Instructions

  1. To make the sponge: The night before you want to make bread, combine the 1/4 teaspoon yeast, 2/3 cup warm water, and 1 1/3 cups flour. Cover and let stand at room temperature overnight.
  2. To make the dough: The next day, combine the sponge with the dough ingredients.
  3. Turn the dough onto a lightly floured work surface and knead until smooth and elastic, about 10 minutes.
  4. Place the dough in a well-greased bowl, turning to coat all sides, cover the bowl, and let the dough rise until doubled in bulk, about 1 hour.
  5. Turn the dough onto a lightly floured work surface without punching it down or handling it roughly. Gently form it into a large, round loaf by pulling all the edges underneath, gathering them and squeezing them together, leaving the top smooth.
  6. If you have a pizza baking stone, place the loaf on a sheet of parchment paper; if you're using a pan, sprinkle some cornmeal on the bottom of the pan, and place the loaf on it. Cover with lightly greased plastic wrap, and set the loaf aside to rise until doubled, about 1 hour.
  7. Preheat the oven to 450°F.
  8. Slash the top of the bread in a tic-tac-toe pattern. If you're using a baking stone, use a peel to transfer the loaf, parchment paper and all, to the stone in the oven. Otherwise, put the pan of bread into the oven.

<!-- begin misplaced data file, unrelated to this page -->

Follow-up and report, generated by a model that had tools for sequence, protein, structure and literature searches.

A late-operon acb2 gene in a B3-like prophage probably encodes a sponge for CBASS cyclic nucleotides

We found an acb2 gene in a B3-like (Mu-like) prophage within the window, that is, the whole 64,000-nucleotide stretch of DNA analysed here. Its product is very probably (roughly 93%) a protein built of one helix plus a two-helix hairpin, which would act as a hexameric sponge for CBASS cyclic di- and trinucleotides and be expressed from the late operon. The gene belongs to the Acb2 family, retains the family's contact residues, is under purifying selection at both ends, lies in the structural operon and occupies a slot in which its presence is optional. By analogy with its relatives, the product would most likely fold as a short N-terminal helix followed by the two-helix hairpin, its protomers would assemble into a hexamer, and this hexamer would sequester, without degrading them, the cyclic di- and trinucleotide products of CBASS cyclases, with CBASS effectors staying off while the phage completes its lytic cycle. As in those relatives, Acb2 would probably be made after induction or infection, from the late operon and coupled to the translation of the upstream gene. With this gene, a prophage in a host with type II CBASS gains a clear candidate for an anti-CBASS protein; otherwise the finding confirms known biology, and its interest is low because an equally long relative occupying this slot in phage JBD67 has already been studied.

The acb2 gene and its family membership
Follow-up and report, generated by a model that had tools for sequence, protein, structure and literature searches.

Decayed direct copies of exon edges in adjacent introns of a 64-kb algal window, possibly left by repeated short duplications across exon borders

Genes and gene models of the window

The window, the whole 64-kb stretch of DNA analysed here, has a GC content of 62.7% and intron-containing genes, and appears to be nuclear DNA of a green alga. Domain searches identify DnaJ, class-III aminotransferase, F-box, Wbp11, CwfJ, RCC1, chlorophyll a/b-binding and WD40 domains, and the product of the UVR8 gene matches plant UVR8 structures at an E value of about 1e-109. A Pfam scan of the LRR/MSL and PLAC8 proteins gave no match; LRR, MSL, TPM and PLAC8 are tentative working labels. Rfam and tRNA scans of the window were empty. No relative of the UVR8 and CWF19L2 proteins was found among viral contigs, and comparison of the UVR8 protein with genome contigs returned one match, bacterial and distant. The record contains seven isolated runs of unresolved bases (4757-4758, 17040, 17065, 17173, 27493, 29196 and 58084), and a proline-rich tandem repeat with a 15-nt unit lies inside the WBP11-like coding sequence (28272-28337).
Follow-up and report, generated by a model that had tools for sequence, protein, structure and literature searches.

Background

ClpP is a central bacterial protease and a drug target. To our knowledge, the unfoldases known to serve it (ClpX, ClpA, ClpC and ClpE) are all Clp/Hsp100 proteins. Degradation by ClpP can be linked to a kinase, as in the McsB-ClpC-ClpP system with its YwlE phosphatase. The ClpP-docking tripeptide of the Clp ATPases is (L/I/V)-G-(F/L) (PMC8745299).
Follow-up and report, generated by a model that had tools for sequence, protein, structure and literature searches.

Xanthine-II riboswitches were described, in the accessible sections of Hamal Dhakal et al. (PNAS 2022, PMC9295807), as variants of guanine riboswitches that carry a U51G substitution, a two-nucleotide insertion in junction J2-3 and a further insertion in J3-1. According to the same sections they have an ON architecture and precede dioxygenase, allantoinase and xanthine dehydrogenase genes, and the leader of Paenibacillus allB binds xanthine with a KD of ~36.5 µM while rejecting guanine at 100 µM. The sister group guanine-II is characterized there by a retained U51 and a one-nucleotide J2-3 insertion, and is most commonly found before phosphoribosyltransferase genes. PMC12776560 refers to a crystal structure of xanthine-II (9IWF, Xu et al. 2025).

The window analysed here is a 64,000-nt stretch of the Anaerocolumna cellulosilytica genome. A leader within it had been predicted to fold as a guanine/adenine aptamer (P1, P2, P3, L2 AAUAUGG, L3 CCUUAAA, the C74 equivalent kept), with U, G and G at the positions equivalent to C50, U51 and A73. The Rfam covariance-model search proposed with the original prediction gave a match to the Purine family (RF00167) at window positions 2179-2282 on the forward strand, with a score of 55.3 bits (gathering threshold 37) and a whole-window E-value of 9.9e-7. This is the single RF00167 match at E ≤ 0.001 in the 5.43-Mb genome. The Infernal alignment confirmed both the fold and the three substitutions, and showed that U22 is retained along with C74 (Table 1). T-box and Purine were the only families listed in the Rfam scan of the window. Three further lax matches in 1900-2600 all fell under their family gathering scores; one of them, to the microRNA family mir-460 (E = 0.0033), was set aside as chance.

9. Bake for 15 minutes, misting bread with water from a spray bottle three times during the 15 minutes.
  10. Reduce the oven heat to 400°F. Bake the bread 25 to 30 minutes longer, until it's golden brown and its interior temperature registers about 200°F on a digital thermometer.
  11. Remove the bread from the oven, and cool it on a rack. Enjoy it fresh within a day or so; freeze for longer storage.

Tips from our Bakers

  • Because Tuscans often eat their bread with very spicy main dishes, or top it with salty, strong-flavored meats or cheeses, it's often salt-less. It's very bland tasting by itself, so as not to interfere with other tastes it's teamed with. Unless you're on a salt-free diet and are used to salt-less food, this bread probably won't taste very appealing to you, if eaten by itself. But pair it with a salty prosciutto or a strong Parmesan cheese; or broil it, then spread with olive oil and crushed garlic; or eat it with a savory stew, and you'll see why Tuscans have baked and loved their salt-less bread for many centuries.